During the election year, significant oil deposits were discovered in the sea off São Tomé and Príncipe and agreements were entered into with foreign companies wishing to commence extraction.

In the 2001 presidential election, Manuel Pinto da Costa made an attempt to get back into power. However, he lost against the wealthy businessman Fradique de Menezes, who was supported by the outgoing Trovoada and his party ADI.

Turbulent time

Meneze’s time in power (2001–2011) was marked by countless changes of government. Governments were most often dominated by parties in opposition to President Menezes. In Parliament there was a balance between supporters and opponents of the president. The political tug of war between the president and the government was partly about the distribution of power, and partly how the country’s oil industry would be managed.

When President Menezes took office in September 2001, the government was dominated by the old state-backed party MLSTP-PSD. All attempts at cooperation were unsuccessful. Menezes chose to arrange the 2002 parliamentary elections, which should have been held in the autumn. Ahead of the election, a new party, the Renewable Forces Democratic Movement (MDFM), was formed by some defectors from ADI, including President Menezes himself. MDFM entered into an alliance with the Democratic Assembly Party (PCD, formerly PCD-GR). The choice resulted in a balance between MLSTP-PSD and MDFM-PCD. Finally, a unifying government was formed with all parties in the Parliament, that is to say the Alliance Uê-Kedadji, which was dominated by ADI.

The head of government became the ambassador to Portugal, Gabriel Costa, who was supposed to be able to bridge the contradictions within the government. But already after six months, a crisis arose and the entire government was dismissed. When Prime Minister Costa resigned, he criticized President Menezes for breaking the constitution through lack of transparency in negotiations with foreign oil companies. Of other prominent figures, the president was accused of funding his election campaign with oil money.

In October 2002, President Maria das Neves de Souza appointed prime minister for a new unity government. A month later came the next crisis. Parliament then voted for a constitutional reform that limited the president’s power. Among other things, the president’s right to veto constitutional amendments was abolished. In response, Menezes dissolved the parliament and threatened with new elections, but after mediation he agreed to the changes. Parliament, in turn, promised to agree to hold a referendum on the state’s governance within a few years. The referendum, however, never came to fruition.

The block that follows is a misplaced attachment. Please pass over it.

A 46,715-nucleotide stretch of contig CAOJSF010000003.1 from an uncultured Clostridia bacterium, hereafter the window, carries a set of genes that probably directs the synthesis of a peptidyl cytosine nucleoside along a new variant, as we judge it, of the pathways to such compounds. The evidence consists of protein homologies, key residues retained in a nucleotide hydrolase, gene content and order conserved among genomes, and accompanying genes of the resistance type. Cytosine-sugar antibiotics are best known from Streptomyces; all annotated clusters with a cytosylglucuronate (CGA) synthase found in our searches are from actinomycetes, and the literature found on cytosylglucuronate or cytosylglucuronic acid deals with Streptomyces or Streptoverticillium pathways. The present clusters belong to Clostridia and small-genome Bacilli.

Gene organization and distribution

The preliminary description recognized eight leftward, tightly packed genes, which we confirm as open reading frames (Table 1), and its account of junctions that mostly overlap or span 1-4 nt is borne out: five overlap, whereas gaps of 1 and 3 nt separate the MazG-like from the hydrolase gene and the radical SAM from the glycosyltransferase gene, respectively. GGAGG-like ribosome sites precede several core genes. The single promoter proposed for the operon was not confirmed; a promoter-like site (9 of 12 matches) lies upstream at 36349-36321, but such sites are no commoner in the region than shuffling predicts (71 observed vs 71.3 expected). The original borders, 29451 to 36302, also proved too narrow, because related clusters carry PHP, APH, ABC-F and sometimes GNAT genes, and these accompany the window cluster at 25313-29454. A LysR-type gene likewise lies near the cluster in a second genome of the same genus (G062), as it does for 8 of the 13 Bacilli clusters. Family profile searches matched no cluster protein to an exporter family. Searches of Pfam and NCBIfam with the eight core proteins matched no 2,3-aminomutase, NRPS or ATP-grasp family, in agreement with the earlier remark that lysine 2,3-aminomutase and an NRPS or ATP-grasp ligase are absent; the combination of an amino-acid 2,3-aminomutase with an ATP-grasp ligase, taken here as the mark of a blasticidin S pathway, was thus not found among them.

Short-term coup

In July 2003, a group of officers led by Major Fernando “Cobo” Pereira conducted a coup d’état while President Menezes visited Nigeria. The coup makers captured several ministers and accused the government of corruption. Mediators from Nigeria, among others, persuaded the coup makers to give up, having received a number of demands. The President promised to reform the government, give Parliament transparency in the oil business and create a national forum where representatives from political parties and NGOs would be made public. The conditions of the army soldiers would be improved. After the coup, Menezes also promised in-depth reforms to consolidate democracy and measures to improve the economy, all to regain the world’s faith in São Tomé and Príncipe.

In March 2004, two ministers from the presidential party MFDM were forced to leave the government after being accused of having signed two comprehensive oil agreements without the prime minister’s knowledge. Later, two more MFDM ministers left the government. In September of that year, President Menezes resigned from government after Prime Minister Maria das Neves was indicted for involvement in aid money corruption.

Managing the expected revenue from future oil recovery was an important political issue. Many powerful interests were fought to gain control of the oil. In order to avoid the usual corruption in the state apparatus, in December 2004, a law was passed that would guarantee national and international transparency of the cash flows and ensure that the revenue was used for the benefit of the general public. With the oil money, a fund for the future would be built up.

A new government was added after the Neves government was dismissed. It lasted almost a year, until June 2005, when it debated the question of how a strike among public servants would be handled. Maria do Carmo Silveira, from MLSTP-PSD, was appointed new Prime Minister.